50°38' / 20°18'
Translation of Jędrzejów chapter from
Pinkas Hakehillot Polin
Translation of Jędrzejów chapter from
Published by Yad Vashem
Published in Jerusalem
Published in Jerusalem
Originally published in the Kielce-Radom SIG Journal,
Vol. 7, No. 1 (Winter 2003)
This is a translation from: Pinkas Hakehillot: Encyclopedia of Jewish Communities, Poland,
Volume VII, pages 259-262, published by Yad Vashem, Jerusalem
JewishGen, Inc. makes no representations regarding the accuracy of
the translation. The reader may wish to refer to the original material
JewishGen is not responsible for inaccuracies or omissions in the original work and cannot rewrite or edit the text to correct inaccuracies and/or omissions.
Our mission is to produce a translation of the original work and we cannot verify the accuracy of statements or alter facts cited.
Jędrzejów is one of the most ancient settled places in Poland. It was established upon the lands of the village of Berzerzinka, a gift of the brothers Janisław and Klement Grichim, bearers of important positions in the church in the Cistercian order. The monks of this order were brought to Poland from Burgundy and were known for their contribution to the development of agriculture, construction, fishing and other areas. In 1149, a monastery was built there and a town grew up around it, which increased and developed quickly. In 1271, Bolesław the Humble, the king of Poland, granted the settlement the status of a city, and at about the same time the name was changed to Jędrzejów. In 1510, a great fire broke out in Jędrzejów which destroyed the vast majority of the town. In the wake of the catastrophe, the inhabitants appealed to the king of Poland, Zygmunt the First, and requested that he reaffirm the rights of the city of Jędrzejów and grant it privileges to ease its reconstruction. The king granted their request, and soon a wave of development was felt in the town and the local population grew. During the 16th and 17th centuries, several important conventions of the Polish nobility took place in Jędrzejów. Over time, Jędrzejów became a commercial and manufacturing center for the region. During the 18th century, there were 20 cobblers' workshops there, 10 hatters' workshops, and dozens of workshops for other artisans. During that same century, silk production developed there and during the 19th century the manufacture of various textiles developed there as well.
In 1815, as a result of the decisions of the Congress of Vienna, Jędrzejów was included in the Congress Kingdom of Poland, which was under Russian rule. In 1817, the Cistercian monks' ownership of the monastery and the city was revoked and the Czarist government of Russia was recognized as the owner of the city. In 1885, a railway station was built in Jędrzejów, and an agricultural implement factory, a foundry, a brewery, two sawmills and a steam driven flour mill were established there. In large areas around the city, tobacco and fruit orchards were cultivated, and bee-keeping also developed.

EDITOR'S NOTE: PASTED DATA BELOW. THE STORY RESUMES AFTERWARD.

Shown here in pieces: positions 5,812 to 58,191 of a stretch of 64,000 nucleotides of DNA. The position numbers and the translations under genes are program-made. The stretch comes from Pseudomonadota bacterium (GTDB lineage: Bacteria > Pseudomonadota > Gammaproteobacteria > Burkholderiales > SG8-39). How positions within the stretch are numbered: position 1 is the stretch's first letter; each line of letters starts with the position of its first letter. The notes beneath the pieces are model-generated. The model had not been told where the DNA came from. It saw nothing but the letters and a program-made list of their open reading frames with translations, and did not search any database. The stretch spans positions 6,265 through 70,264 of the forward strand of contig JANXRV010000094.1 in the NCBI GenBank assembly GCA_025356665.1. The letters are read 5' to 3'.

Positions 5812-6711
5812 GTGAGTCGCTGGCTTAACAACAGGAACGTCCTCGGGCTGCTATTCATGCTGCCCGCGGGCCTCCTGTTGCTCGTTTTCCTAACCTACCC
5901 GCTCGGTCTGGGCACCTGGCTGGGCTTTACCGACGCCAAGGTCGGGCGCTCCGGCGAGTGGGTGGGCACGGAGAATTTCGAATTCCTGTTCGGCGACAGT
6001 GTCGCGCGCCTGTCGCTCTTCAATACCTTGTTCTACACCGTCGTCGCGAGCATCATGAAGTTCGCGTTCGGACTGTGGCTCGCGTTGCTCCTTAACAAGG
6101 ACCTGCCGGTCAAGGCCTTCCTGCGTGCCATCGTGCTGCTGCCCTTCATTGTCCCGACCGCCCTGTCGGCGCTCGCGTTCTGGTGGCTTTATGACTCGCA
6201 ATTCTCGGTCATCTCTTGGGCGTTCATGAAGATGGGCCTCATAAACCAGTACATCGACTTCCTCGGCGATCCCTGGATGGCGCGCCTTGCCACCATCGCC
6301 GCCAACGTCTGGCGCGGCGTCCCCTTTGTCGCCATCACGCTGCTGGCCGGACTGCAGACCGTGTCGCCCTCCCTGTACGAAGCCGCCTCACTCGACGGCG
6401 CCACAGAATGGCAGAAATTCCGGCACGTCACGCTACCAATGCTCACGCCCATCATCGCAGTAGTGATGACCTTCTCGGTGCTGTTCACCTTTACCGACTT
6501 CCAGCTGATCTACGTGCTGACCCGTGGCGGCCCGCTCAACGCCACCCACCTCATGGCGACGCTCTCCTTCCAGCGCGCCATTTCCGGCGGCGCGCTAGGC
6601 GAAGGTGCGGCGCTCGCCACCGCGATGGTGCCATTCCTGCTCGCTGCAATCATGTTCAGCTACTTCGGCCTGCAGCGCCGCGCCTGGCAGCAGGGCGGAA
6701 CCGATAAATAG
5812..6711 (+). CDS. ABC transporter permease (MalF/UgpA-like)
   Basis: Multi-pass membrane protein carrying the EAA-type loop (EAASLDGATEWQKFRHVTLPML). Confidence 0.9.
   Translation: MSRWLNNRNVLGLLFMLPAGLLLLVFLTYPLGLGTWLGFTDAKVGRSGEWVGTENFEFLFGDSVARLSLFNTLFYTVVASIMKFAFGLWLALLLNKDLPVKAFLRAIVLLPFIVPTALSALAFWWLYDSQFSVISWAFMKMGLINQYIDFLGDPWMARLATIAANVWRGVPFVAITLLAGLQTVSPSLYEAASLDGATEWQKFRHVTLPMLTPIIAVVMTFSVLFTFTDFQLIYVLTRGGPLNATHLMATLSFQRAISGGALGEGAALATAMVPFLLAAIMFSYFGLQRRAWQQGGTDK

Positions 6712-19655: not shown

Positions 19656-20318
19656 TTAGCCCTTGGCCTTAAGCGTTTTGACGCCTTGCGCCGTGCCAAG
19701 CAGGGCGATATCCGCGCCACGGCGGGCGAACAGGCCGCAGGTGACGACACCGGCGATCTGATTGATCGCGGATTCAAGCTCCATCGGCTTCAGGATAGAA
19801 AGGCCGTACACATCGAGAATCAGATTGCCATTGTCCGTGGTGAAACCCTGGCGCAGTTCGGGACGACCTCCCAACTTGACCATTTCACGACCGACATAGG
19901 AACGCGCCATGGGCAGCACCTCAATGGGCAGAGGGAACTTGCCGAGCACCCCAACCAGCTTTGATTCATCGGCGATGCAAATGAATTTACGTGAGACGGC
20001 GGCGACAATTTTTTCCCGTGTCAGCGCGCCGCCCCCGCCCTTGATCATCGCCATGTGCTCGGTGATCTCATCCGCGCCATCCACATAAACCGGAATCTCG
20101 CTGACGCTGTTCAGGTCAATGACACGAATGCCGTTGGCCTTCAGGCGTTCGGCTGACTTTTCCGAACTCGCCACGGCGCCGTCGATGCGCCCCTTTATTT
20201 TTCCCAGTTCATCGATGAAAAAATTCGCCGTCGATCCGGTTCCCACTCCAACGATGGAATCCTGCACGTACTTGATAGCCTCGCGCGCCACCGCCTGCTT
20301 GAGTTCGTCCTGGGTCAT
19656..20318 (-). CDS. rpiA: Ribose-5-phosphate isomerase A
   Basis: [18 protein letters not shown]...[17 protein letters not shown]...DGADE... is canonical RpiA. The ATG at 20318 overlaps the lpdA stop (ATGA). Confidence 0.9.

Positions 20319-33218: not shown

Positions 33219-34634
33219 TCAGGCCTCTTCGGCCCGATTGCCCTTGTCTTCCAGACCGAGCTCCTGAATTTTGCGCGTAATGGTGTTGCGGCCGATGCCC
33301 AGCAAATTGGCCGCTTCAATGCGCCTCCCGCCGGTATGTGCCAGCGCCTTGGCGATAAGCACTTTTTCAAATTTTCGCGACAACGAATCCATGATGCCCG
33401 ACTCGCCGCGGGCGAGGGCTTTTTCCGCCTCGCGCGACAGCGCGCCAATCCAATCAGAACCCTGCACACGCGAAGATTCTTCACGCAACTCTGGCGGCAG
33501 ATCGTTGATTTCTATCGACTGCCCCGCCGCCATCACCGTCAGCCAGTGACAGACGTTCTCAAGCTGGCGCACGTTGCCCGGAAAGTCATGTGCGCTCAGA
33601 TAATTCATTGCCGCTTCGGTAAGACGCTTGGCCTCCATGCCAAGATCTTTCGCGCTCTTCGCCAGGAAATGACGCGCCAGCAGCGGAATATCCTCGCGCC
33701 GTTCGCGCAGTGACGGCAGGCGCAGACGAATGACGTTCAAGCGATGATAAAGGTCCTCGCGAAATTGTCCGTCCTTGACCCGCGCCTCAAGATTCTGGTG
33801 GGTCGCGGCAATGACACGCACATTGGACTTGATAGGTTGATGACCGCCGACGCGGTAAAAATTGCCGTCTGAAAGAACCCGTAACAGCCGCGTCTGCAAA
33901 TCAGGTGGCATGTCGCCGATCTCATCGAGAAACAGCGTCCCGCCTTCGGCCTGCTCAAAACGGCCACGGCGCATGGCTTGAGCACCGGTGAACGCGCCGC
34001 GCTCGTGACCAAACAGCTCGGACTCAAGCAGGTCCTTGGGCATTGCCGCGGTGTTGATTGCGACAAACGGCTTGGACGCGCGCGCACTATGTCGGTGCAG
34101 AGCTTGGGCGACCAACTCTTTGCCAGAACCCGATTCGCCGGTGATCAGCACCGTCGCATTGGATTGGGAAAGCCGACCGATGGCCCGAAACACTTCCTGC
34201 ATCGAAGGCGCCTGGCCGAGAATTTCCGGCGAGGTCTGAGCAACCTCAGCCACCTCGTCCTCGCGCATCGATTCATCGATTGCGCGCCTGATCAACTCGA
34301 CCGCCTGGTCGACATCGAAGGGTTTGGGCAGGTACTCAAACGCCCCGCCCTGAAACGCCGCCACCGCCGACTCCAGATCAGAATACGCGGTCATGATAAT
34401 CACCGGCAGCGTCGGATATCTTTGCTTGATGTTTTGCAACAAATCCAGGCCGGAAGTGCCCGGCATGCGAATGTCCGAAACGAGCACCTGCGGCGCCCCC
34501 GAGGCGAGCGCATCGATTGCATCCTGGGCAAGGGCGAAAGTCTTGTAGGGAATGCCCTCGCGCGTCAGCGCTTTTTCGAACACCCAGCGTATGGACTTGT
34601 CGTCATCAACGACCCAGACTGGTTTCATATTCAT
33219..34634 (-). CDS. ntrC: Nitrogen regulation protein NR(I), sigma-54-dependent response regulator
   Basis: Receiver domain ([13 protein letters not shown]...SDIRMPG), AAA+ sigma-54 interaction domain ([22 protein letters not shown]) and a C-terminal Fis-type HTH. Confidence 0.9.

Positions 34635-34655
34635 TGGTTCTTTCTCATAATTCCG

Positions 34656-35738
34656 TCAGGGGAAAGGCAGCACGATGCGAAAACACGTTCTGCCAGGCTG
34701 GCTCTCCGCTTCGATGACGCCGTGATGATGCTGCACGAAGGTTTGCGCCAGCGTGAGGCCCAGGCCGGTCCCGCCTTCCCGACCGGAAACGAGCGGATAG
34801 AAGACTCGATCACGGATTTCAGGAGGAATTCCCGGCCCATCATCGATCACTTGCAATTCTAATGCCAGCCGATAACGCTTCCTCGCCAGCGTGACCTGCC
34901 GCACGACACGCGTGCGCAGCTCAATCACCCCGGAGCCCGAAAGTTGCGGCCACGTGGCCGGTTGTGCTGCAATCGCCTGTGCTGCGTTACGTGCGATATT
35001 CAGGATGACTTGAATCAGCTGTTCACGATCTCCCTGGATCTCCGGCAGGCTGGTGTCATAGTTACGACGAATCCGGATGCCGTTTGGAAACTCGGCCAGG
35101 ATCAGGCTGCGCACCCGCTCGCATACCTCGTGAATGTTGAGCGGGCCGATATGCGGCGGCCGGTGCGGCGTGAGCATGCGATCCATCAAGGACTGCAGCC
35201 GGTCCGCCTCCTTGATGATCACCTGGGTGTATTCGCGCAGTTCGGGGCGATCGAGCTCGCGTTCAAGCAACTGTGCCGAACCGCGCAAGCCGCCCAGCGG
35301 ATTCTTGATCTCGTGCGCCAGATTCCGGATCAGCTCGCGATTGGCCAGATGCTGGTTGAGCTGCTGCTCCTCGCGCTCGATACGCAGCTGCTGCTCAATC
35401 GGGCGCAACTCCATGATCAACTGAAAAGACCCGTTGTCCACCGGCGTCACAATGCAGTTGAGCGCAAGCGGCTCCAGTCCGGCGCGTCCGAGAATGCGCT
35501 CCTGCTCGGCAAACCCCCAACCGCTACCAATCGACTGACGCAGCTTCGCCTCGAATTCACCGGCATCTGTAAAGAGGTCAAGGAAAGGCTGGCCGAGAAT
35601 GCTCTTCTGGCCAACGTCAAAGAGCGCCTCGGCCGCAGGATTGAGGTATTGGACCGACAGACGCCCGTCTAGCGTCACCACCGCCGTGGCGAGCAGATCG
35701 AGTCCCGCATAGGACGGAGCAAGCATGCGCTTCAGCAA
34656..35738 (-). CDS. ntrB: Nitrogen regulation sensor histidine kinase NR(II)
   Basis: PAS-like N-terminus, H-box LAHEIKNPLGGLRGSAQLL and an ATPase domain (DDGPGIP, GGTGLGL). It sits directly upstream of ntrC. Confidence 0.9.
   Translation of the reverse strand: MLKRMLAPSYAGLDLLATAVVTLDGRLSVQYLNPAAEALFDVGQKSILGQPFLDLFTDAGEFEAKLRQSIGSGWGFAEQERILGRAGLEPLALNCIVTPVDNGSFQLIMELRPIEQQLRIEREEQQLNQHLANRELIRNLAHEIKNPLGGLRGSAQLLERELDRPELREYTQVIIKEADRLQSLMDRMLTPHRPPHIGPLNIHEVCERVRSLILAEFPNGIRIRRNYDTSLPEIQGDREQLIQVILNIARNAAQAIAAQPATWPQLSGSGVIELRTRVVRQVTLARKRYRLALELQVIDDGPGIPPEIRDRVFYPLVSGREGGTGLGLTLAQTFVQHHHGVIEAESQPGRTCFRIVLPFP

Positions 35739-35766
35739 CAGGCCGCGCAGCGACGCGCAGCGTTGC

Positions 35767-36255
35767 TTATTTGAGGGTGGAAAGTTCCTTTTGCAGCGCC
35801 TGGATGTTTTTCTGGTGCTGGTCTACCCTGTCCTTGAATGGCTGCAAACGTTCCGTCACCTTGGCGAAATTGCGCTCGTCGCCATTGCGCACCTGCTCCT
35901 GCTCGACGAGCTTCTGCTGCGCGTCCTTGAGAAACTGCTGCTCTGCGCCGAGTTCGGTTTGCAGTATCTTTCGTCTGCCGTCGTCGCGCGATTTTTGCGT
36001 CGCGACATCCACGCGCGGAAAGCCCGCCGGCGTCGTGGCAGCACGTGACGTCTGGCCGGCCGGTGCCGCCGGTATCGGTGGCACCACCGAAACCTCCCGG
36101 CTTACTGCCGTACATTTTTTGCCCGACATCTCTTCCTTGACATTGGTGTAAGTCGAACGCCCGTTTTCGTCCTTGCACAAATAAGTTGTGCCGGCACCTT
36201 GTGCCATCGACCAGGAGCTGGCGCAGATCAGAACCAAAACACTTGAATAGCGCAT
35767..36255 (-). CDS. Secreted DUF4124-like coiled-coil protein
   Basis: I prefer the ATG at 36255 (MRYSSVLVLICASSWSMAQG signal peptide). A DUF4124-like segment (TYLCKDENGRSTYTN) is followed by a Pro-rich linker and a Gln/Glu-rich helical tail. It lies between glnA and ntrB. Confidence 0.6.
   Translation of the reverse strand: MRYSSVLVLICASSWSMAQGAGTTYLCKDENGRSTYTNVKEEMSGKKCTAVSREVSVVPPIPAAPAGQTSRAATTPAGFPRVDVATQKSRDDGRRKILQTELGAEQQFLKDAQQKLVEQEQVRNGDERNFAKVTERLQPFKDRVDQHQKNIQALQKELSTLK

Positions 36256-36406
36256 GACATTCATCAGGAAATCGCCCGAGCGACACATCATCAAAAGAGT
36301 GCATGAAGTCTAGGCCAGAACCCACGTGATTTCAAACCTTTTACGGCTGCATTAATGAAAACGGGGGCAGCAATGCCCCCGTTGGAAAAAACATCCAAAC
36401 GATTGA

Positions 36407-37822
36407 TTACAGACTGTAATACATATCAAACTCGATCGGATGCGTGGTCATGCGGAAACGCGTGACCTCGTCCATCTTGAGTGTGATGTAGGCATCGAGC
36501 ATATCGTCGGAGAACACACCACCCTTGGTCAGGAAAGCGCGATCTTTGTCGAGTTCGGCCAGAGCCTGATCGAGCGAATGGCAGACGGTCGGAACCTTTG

In this period, a teachers' seminar was established in Jędrzejów, which was known throughout Congress Poland.
The city continued to develop during the years between the two world wars as well.
On September 4th, 1939, Jędrzejów was conquered by the German army. The Germans expelled part of the Polish population from the city, liquidated the Jewish habitation that had existed there and destroyed its economic infrastructure.
The first rabbi in Jędrzejów was Rabbi Natan, the son-in-law of the Chassidic Admor Rabbi Mosze HaKohen of Warsaw. After him Rabbi Yerachmiel Yeshaya Mincberg (The Rabbi of Luków) and Rabbi Aharon Wajnberg (towards the end of the 19th century).
The Jewish merchants and manufacturers made a significant contribution to the development of the city. Wholesale merchants conducted business with large cities in Russia as well as in other countries. Thus, for example, documents of the time mention the export of eggs and sugar to Germany.
Gersztajn, the community leader, owned a large manufacturing plant for processing copper parts and accessories, which were used in the local sugar factories and brandy distilleries. Twenty-five laborers worked in this plant. Gersztajn also owned a fired brick factory and stone quarries in which mainly Polish laborers worked. Other Jewish entrepreneurs founded flour mills, saw mills, breweries for beer and a small factory that produced oil in Jędrzejów. The first tailor in the community was G. Hersz, and the first carpenters were the Brajtbort brothers. Besides them there were also bakers, glaziers, medics, cobblers and other artisans among the Jews of Jędrzejów. Several Jews functioned as agents (factors) of the large property owners near Jędrzejów and managed the acquisitions and exports of the estates. By the end of the 19th century, most of the Jews of the city were already established and their businesses flourished; they bought property and built homes in the city.
The economic success drew additional Jews to Jędrzejów, the community grew and lively public Jewish life developed there. In 1902-3 the first Zionist group that was associated, ideologically, with the Odessa Committee, which emphasized settling in the Land of Israel was active in Jędrzejów.
Jews were also active in the socialist camp. During the 1905 revolution the city was caught up in tremendous activity, and socialist parties and movements were organized among the Jews as well: the Bund, a Jewish sector of the Polish Socialist Party (PPS), the party of the Socialist Zionists (ZS) and the new Zionist-Socialist party led by Dov Ber Borochov (Di Yidishe Socialistishe Democratishe Partei), which had already established its branch in Jędrzejów in 1906.
The activists from the Zionist and socialist movements also encouraged cultural life in the community. In 1909, the first public library was founded in Jędrzejów. The library quickly became a center for all of the social-political and cultural activity of the Jewish youth in Jędrzejów.